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Yegor Bugayenko
12 December 2017

Alan Kay Was Wrong About Him Being Wrong

From time to time someone asks me what I think about what Alan Kay, the father of OOP, the designer of Smalltalk, the first object-oriented language, said in 1998 about OOP. He literally said that the very term “object” was misleading and a more appropriate one would be “messaging.” Here is what I think.

I believe that there are two orthogonal means of interaction between objects: messaging and composition. Let’s say, we have a point and a canvas:

Point p = new Point(x, y);
Canvas canvas = new Canvas();

This is how messaging would look:


The problem with messaging is that it keeps objects on the same level of abstraction. They communicate as equal and independent “modules,” sending data messages to each other. Even though they look object-oriented, the entire communication pattern is very procedural. We try to encapsulate as much as we can inside a single object, however inevitably still having to expose a lot of its data in order to be able to “connect” it with other objects.

We turn objects into “little computers,” as some books refer to them. They expect data to come in, they process the data, and return back some new data. The maintainability problem is not really solved with this approach—we still have to deal with a lot of data, remembering its semantic outside of the objects. In other words, there is no true encapsulation.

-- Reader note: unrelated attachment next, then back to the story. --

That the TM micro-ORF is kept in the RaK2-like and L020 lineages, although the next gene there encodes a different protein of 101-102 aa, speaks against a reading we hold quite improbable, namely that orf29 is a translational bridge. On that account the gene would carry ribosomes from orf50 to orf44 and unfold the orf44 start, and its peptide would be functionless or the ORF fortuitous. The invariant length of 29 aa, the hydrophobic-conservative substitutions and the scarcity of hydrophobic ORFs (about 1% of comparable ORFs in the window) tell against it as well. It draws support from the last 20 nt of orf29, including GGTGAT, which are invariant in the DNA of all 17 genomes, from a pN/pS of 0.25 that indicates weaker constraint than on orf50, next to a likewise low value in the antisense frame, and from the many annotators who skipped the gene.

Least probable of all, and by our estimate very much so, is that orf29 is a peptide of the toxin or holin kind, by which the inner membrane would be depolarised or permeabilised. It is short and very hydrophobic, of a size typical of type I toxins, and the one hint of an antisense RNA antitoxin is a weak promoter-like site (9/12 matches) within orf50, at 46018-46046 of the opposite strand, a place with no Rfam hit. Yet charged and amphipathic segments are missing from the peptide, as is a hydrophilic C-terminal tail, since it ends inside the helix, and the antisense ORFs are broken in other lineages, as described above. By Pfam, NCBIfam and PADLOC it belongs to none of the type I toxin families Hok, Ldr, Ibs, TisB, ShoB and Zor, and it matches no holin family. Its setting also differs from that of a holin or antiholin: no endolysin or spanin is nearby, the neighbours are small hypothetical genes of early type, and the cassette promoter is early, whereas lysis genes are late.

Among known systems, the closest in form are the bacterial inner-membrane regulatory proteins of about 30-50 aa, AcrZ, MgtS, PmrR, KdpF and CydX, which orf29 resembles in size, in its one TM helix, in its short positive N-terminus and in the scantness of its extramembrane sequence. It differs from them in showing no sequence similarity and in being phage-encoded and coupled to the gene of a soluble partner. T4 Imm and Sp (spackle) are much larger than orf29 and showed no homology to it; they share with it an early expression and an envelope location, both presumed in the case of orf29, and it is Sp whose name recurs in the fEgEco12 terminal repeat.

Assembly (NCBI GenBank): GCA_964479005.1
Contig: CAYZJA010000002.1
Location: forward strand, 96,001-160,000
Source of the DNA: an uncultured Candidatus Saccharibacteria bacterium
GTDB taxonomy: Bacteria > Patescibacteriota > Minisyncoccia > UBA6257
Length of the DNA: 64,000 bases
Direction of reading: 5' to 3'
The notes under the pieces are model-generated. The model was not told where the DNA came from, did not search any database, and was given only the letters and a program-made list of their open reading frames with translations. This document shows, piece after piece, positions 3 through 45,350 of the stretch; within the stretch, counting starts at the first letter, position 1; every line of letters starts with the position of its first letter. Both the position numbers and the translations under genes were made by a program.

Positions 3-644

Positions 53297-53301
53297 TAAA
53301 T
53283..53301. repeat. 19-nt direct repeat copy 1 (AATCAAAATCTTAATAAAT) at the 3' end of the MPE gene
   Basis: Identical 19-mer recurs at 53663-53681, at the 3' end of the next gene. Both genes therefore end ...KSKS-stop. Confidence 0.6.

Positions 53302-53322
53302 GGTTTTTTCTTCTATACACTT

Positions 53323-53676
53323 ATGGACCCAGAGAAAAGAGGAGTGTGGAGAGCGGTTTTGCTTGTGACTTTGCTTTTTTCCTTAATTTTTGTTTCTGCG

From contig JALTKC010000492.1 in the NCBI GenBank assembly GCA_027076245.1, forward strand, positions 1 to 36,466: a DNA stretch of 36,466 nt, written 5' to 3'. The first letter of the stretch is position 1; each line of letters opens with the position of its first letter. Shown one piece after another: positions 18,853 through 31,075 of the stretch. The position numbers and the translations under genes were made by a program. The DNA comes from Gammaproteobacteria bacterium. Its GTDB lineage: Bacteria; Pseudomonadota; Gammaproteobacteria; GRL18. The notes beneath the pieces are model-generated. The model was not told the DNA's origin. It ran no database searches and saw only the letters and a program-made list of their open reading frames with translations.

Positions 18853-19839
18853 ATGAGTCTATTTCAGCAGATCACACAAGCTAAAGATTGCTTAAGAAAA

On the other hand, this is how composition would look instead:

Point p2 = new PrintedOn(p, canvas);

Every time we need objects to communicate we create a bigger object that encapsulates more primitive ones, letting them interact inside. Of course, the data will also go from object to object, but that will happen inside a bigger object. We can even make the encapsulator and the encapsulated “friends,” as I suggested before, to make that interaction more transparent and avoid data exposure through getters or even printers.

Let me quote Alan Kay again:

The key in making great and growable systems is much more to design how its modules communicate rather than what their internal properties and behaviors should be.

It seems to me that he means modules, which are not objects. These are different things. Modules are elements of the architecture, while objects are elements of the design. These are two different levels. At the level of architecture we obviously need messages and Kay’s statement is perfectly correct. However, at the level of design we need composable structures, to increase maintainability and messaging is not what can help us achieve this goal.

Thus, I believe Alan Kay was right when he invented objects, called them objects, and gave their programming style the “object-oriented” title.